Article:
The Aeneid - Virgil. A translation into English prose by A. S. Kline. Illustrated edition.
In the Aeneid, Virgil retells, and partially invents, the story of Aeneas, the son of Anchises and the goddess Venus-Aphrodite who, fleeing the ruins of Troy carrying his father on his shoulders, and bearing his household gods, journeyed to Italy. In doing so Virgil consciously creates the national epic of Rome, posits a semi-divine lineage for the Imperial house of Augustus Caesar, and provides an origin for the Roman people. Full of powerful and evocative passages, for example those describing Aeneas’ desertion of Dido, Queen of Carthage, and those describing his visit to the Underworld, the Aeneid ensured Virgil’s literary fame.
Aeneas embodies the Roman virtues of steadfastness, and loyalty, coupled with a sense of destiny, which Virgil reinforces with pseudo-prophetic elements implying that the founding of Rome was a fated consequence of the destruction of Troy. From a literary viewpoint, Aeneas provides continuity between the epics of Greece, where he appears as a character in the Iliad, and the epics of Rome where he is portrayed as an ancestor of Romulus, Rome’s founder.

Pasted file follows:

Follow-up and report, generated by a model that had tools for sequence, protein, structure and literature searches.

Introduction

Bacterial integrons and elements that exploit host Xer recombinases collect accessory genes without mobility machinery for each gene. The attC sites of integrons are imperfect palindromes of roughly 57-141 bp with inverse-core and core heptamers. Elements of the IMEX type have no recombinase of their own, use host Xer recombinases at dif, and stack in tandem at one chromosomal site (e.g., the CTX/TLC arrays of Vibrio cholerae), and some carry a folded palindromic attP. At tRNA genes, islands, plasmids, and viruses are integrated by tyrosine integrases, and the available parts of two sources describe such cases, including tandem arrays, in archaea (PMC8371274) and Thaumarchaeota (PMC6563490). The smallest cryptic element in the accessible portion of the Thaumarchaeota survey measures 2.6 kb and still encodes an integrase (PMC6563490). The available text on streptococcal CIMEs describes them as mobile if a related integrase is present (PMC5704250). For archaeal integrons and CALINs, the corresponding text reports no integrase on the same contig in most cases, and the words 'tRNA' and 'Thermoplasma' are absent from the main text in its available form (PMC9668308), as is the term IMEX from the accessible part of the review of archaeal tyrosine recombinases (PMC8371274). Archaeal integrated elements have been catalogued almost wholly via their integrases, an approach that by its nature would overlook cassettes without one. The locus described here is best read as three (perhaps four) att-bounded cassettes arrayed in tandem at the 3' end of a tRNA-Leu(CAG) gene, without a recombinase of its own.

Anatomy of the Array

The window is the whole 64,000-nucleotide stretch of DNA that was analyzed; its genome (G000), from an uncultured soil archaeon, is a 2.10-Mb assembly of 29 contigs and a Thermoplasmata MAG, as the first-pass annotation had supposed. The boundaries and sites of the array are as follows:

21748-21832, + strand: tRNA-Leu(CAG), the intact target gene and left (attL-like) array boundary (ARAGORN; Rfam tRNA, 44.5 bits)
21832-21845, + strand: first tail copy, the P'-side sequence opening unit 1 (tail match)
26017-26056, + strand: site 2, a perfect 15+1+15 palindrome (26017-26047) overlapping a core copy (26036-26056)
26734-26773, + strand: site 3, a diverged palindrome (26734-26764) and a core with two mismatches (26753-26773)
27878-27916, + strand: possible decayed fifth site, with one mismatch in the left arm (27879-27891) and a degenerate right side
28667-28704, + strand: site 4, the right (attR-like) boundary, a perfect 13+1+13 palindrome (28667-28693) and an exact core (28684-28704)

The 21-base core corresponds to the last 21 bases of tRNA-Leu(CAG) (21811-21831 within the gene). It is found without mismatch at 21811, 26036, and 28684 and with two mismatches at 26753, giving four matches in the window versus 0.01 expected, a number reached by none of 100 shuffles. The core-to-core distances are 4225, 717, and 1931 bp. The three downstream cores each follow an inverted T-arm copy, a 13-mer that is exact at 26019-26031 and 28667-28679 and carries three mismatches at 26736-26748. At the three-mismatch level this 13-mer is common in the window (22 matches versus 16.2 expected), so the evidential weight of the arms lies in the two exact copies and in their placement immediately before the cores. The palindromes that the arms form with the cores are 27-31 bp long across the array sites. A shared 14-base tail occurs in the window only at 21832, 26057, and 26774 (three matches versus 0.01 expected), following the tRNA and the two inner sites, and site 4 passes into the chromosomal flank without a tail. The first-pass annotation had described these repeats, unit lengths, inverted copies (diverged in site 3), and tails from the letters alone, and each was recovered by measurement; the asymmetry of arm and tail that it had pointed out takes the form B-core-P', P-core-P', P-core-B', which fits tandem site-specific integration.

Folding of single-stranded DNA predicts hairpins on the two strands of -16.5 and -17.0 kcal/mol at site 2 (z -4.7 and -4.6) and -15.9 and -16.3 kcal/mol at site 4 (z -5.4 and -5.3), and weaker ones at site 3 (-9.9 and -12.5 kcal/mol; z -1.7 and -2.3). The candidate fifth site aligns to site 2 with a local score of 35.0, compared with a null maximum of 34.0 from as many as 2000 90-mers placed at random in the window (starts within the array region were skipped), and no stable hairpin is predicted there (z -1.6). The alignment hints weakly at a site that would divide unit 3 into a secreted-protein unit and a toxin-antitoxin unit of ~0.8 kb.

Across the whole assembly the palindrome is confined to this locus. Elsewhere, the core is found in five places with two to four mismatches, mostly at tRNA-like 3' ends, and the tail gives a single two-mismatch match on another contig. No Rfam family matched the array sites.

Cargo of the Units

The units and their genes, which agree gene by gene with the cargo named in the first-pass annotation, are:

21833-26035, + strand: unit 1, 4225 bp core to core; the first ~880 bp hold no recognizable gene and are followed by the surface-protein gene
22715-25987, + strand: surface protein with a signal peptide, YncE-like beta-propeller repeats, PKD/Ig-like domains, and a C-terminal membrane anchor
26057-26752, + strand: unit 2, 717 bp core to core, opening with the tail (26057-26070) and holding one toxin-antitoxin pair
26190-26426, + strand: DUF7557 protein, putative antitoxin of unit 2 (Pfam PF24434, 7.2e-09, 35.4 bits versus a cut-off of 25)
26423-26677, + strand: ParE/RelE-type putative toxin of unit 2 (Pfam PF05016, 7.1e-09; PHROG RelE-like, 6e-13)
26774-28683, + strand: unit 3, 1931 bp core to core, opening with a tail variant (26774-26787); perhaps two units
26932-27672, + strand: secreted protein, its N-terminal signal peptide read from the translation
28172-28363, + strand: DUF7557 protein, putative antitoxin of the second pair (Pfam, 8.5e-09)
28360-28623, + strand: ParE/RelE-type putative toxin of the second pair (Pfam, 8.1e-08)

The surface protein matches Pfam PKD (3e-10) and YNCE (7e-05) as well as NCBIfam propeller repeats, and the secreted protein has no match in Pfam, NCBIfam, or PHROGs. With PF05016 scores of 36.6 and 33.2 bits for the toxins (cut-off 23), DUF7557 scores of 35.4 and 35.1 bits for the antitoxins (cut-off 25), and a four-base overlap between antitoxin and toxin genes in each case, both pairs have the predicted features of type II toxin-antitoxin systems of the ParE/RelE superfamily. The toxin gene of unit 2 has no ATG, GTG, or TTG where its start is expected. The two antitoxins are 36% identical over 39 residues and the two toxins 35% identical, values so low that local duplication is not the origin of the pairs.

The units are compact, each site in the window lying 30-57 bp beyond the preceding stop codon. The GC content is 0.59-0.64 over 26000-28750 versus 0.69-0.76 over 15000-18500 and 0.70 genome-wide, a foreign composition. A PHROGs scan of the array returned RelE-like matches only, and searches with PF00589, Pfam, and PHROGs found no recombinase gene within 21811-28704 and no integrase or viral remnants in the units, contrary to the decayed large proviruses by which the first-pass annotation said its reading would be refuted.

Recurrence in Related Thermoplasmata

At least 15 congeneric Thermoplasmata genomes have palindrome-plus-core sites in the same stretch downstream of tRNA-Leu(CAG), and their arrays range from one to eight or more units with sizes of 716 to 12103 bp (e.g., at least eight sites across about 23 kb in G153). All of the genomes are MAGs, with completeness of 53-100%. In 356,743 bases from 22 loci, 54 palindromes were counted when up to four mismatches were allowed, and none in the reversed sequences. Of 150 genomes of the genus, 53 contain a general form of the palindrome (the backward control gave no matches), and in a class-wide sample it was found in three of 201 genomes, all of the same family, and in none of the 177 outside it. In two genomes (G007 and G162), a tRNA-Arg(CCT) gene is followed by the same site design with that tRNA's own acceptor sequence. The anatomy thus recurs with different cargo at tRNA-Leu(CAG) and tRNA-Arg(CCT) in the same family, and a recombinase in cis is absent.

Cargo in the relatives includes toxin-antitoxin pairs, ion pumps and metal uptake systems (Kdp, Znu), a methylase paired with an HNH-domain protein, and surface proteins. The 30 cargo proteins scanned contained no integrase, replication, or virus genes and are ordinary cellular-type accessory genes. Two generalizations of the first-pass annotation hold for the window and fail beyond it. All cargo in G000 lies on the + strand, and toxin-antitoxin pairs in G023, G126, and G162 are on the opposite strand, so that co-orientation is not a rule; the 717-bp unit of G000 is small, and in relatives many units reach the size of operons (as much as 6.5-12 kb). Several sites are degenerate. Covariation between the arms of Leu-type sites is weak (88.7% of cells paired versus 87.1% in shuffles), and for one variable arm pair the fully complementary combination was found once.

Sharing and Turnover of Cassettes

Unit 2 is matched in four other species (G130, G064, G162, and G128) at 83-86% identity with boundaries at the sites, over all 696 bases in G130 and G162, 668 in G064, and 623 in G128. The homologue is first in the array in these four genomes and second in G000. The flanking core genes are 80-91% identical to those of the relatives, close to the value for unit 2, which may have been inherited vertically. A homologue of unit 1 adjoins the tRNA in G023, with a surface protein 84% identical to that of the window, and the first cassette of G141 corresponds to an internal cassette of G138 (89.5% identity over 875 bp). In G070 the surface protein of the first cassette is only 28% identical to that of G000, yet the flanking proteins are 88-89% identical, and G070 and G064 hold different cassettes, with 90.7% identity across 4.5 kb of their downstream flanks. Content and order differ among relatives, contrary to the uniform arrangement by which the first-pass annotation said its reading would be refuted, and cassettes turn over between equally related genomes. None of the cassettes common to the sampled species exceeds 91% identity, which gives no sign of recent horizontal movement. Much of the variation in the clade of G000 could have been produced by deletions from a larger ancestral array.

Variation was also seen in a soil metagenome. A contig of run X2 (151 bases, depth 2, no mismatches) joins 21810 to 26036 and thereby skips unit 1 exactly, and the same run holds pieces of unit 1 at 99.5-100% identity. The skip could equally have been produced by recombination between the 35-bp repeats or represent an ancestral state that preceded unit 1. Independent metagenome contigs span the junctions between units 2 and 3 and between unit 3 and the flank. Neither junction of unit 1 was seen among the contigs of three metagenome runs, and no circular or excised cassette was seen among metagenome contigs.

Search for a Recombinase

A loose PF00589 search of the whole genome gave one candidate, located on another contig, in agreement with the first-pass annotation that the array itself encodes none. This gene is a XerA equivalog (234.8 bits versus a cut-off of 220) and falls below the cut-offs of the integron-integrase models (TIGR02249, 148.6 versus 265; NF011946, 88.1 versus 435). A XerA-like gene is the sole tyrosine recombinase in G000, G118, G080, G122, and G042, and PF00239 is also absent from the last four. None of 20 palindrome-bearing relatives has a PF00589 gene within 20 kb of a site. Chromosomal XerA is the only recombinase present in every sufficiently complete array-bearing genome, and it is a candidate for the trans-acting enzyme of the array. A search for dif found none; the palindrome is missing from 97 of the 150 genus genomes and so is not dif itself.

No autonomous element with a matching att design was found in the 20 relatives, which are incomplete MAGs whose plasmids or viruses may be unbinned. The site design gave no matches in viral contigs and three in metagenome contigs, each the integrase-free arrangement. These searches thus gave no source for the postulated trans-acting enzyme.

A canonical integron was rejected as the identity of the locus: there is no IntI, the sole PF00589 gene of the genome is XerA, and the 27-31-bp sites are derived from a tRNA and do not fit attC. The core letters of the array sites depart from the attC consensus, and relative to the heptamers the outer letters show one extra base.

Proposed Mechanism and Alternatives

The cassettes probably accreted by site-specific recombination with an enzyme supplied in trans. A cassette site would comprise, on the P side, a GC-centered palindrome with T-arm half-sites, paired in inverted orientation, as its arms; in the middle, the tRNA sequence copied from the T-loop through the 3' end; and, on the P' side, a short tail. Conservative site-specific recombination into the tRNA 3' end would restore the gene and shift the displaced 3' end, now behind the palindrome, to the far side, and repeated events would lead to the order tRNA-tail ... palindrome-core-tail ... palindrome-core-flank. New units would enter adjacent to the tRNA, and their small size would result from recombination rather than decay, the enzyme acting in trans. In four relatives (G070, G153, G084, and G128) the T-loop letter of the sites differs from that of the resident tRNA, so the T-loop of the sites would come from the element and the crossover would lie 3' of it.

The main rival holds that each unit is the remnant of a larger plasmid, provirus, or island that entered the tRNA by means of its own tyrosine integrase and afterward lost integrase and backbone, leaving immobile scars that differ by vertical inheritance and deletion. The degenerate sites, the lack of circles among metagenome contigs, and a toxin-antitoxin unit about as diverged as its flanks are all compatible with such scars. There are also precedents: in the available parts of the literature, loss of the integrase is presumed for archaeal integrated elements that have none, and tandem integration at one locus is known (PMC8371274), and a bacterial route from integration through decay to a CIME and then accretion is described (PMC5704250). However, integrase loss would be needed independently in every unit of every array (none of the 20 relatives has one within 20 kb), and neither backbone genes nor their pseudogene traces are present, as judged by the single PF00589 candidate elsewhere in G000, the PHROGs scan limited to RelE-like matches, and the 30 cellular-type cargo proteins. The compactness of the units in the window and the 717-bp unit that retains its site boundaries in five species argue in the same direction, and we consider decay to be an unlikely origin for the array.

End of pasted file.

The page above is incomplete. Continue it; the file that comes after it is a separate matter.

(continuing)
Virgil’s work had a wide influence on later Roman epic and on European literature in general. Dante in particular employed Virgil as guide to his journey through the Inferno and Purgatory of the Divine Comedy, seeing him as a proponent of Empire, a master of the poetic tradition, and a prophet of the advent of Christianity.
This and other texts available from Poetry in Translation (www.poetryintranslation.com).
Princeton scholar Fagles follows up his celebrated Iliad and Odyssey with a new, fast-moving, readable rendition of the national epic of ancient Rome. Virgil's long-renowned narrative follows the Trojan warrior Aeneas as he carries his family from his besieged, fallen home, stops in Carthage for a doomed love affair, visits the underworld and founds in Italy, through difficult combat, the settlements that will become, first the Roman republic, and then the empire Virgil knew. Recent translators (such as Allen Mandelbaum) put Virgil's meters into English blank verse. Fagles chooses to forgo meter entirely, which lets him stay literal when he wishes, and grow eloquent when he wants: "Aeneas flies ahead, spurring his dark ranks on and storming/ over the open fields like a cloudburst wiping out the sun." A substantial preface from the eminent classicist Bernard Knox discusses Virgil's place in history, while Fagles himself appends a postscript and notes. Scholars still debate whether Virgil supported or critiqued the empire's expansion; Aeneas' story might prompt new reflection now, when Americans are already thinking about international conflict and the unexpected costs of war.